For most Arduino Uno example code, the code does not include any interrupt handlers, and the interrupt vector generated will just point to the start of the code. This makes the behavior of triggering either interrupt similar to a reset. In order to include an interrupt handler in your code, you can use attachInterrupt() with the C++ compiler included with the Arduino IDE in order to configure a function as an interrupt handler.

Menu Commands

File menu commands
The File menu offers the following commands:

Reload New Reloads memory and resets processor.
Reset Resets processor.
Open Opens an existing document.
Save Saves an opened document using the same file name.
Save As Saves an opened document to a specified file name.
Exit Exits SimpCB.

Edit menu commands
The Edit menu offers the following commands:

Undo Reverse previous editing operation.
Copy Copies data from the document to the clipboard.
Paste Pastes data from the clipboard into the document.
Find Searches for characters or words in a document.
Repeat Repeat the last search or replace.

View menu commands
The View menu offers the following commands:

Toolbar Shows or hides the toolbar.
Status Bar Shows or hides the status bar.

Project menu commands
The Project menu offers the following commands:

Options Set Options.
Go Start executing code in the debugger.
Stop Debug Stop executing code in the debugger.
Step Single Step into next instruction.
Proceed Continue executing with the next instruction.

Help menu commands
The Help menu offers the following commands, which provide you assistance with this application:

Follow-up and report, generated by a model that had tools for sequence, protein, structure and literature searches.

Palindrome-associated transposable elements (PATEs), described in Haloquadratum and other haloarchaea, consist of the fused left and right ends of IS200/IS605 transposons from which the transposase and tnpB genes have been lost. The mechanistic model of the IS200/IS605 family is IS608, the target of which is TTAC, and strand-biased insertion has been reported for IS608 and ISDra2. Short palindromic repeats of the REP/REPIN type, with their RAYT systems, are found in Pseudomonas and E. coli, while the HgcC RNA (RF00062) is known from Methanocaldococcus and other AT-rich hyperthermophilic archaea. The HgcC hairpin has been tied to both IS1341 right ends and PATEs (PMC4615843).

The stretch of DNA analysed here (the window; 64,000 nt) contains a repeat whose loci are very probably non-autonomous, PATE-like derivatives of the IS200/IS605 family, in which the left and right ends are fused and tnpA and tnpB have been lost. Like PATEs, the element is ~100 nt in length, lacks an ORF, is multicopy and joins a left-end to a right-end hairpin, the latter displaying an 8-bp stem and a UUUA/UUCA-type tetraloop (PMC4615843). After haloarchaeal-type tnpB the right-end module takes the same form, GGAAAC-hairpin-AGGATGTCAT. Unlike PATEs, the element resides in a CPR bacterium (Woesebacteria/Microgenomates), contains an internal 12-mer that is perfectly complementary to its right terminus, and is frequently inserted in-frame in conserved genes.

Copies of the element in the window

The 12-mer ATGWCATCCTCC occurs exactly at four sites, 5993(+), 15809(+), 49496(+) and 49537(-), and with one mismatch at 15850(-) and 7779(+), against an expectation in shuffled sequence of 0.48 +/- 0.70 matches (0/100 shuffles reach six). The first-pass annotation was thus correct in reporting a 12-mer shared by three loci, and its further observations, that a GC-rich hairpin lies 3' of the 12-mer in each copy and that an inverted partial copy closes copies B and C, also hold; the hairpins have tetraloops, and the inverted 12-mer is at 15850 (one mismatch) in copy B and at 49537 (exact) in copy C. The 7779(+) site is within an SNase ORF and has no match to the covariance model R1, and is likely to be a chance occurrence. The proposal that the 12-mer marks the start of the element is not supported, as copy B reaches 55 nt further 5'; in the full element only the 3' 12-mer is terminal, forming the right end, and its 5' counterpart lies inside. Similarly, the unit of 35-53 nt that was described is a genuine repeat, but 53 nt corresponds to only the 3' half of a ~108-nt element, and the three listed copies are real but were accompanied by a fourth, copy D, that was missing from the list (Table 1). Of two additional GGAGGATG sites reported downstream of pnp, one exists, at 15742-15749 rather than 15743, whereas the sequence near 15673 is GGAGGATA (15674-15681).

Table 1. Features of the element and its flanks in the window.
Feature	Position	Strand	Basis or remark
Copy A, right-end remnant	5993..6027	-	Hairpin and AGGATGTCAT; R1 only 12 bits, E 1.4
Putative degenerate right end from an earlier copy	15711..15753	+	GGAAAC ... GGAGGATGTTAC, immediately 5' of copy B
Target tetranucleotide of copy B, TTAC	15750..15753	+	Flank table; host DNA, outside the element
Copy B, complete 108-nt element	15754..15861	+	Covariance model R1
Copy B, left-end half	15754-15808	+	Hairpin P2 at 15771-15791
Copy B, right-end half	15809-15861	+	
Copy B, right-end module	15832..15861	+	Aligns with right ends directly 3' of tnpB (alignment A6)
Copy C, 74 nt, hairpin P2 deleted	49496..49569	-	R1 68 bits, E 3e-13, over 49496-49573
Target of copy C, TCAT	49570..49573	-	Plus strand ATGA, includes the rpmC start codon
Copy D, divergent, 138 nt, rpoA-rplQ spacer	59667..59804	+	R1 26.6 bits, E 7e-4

Online Help Offers you a link where you can get help.
About Displays the version number of this application.

Disclaimer, Comments on Shareware, and Copyright

Debug AVR is distributed 'as is', so the user bears all responsibility for testing that the functionality is acceptable. Use Debug AVR at your own risk. If this software has undesired effects, your sole recourse is to discontinue use of it. That said, we hope you enjoy using this software and are able to get some practical work accomplished with it. Feel free to write to us if you have questions, suggestions, feeback, or bug reports regarding it. Contact us at teraKUHN.

Debug AVR is a shareware program. Please help more people learn about it by pointing friends, classmates, and co-workers at the download location for them to try it. Please do not redistribute it on your own. If you use Debug AVR on a regular basis, you are required to register it. With a registration you will receive an email notification when the next version of the software is available. To register through PayPal send $5.50 US to with the program name 'Debug AVR' in the note to seller. Alternatively send a check for $5.00 US payable to R. J. Kuhn and a note with your email address and the program name 'Debug AVR' to:
PO Box 372
Redmond, WA 98073

Software Copyright (C) 2020 - 2021 R. J. Kuhn - All Rights Reserved

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Arduino Controller N/A C & C++ coding abstraction macros Debug AVR

Here are some architecture characteristics that can be demonstrated by these two control solutions. These differences can be used for teaching processor and microcontroller concepts.

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von Neumann architecture Harvard architectures